Coun. Dianne Wyntjes (Advocate file photo).

Red Deer city council directs administrators to prepare for zero tax increases in 2021 and 2022

Coun. Dianne Wyntjes is alarmed about what this could mean for the city’s future

Red Deerians can expect zero per cent tax increases in 2021 and 2022, according to city council’s directive to administration.

Coun. Dianne Wyntjes noted this will amount to having less-than-zero per cent tax increases in the next two years, as council is still putting half a per cent (or about $650,000) of the operating budget aside annually towards capital projects.

She expressed alarm at opting for so much belt-tightening on the spur of the moment Monday.

Chief financial officer Dean Krejci hadn’t suggested making quite as deep cuts.

After considering revenue losses due to the poor economy and the pandemic, Krejci came up with an austere multi-year budget proposal that highlighted finding $20 million in cost savings.

Krejci recommended property taxes go up half a per cent in 2021 and 2022, which would allow the 0.5 per cent to go towards future capital projects.

Instead, councillors Michael Dawe and Tanya Handley suggested an amendment for the two zero per cent tax increases in 2021 and 2022, as well as administration putting aside $650,000 annually towards capital reserves.

Dawe said this would put the city in a good position to capitalize on any new building projects that the province makes available to municipalities, which would require matching grants.

An impassioned Wyntjes — the only councillor to vote against this amendment — told her council peers they are doing a disservice to administration by coming up with this tax freeze amendment out of the blue.

Council has no solid knowledge of what the city’s financial position will be next year, she explained, or whether other levels of government would offer any financial relief to municipalities hit hard by the pandemic.

Such an impactful change should have been discussed at recent workshops with the city manager, said Wyntjes — before it was suggested in reaction to an earlier unsuccessful austerity move attempted by Coun. Vesna Higham.

“We don’t know the significance of the change we made today,” added Wyntjes, who noted the city’s finances are in a state of flux, with revenues down due to virus reduction measures, and utility and tax deferrals.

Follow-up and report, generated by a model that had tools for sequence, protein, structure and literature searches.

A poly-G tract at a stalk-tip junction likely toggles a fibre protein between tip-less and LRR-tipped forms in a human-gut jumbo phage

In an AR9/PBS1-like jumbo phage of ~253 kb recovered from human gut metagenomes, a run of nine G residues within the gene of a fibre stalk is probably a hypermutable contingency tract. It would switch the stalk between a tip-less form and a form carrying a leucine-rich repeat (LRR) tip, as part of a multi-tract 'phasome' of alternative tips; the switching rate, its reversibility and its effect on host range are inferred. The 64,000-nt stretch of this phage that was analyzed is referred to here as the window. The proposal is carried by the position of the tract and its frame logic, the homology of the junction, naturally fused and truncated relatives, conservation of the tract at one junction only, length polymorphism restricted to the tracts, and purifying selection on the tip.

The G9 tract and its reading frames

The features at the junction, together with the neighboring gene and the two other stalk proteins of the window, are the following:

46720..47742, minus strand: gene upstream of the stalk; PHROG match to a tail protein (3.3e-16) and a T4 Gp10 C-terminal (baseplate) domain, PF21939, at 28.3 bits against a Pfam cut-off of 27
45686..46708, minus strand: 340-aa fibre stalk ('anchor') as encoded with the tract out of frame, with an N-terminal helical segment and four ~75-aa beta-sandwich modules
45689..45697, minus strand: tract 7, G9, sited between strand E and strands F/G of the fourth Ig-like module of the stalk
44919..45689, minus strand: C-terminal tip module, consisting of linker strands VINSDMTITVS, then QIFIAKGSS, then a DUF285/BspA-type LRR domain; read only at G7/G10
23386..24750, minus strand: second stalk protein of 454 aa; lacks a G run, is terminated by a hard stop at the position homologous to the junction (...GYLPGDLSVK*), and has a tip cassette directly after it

While many residents and some businesses would appreciate a tax break, several councillors suggested they might not like what this will mean for city services, including road maintenance and snow removal.

“There are always repercussions,” said Wyntjes — whether it will be staff cuts, a reduction of recreation centre or library hours, transit changes, or less money for agency requests.

Noting that city manager Allan Seabrooke previously stated that zero tax increases were not favourable because they were unsustainable, she said it’s council’s job to protect the city’s future.

While others on council felt the municipality could shoulder a zero per cent tax increase for a couple of years, they still acknowledged strain will be felt.

Coun. Lawrence Lee predicted the city will be challenged to maintain its payroll commitments to unions and staff associations.

Every funding request that comes before council in 2021 and 2022 — “whether grass is mowed on a berm, or if (residents) wish the recreation centre to stay open longer” — will be considered in context of what difference it makes to the bottom line, said Lee.

Coun. Buck Buchanan referred to the years of high tax increases that followed a series of tax freezes in the 1990s as the city scrambled to shore up neglected infrastructure.

“You can pay now or you can pay later,” he said.



lmichelin@reddeeradvocate.com

Like us on Facebook and follow us on Twitter

Red Deer City Council

Get local stories you won't find anywhere else right to your inbox.
Sign up here

Just Posted

Artist Nathan Scott’s The Face-off is one of Red Deer’s most recent public artworks. It was installed at Servus Arena. (Advocate file photo.)
Red Deer city council opts to leave public art selection to a commission

Only projects costing at least $1 million will now trigger art component

Red Deer City Coun. Michael Dawe spoke up about an attempted break-in at his home during a city council meeting that discussed policing priorities. (Advocate file photo).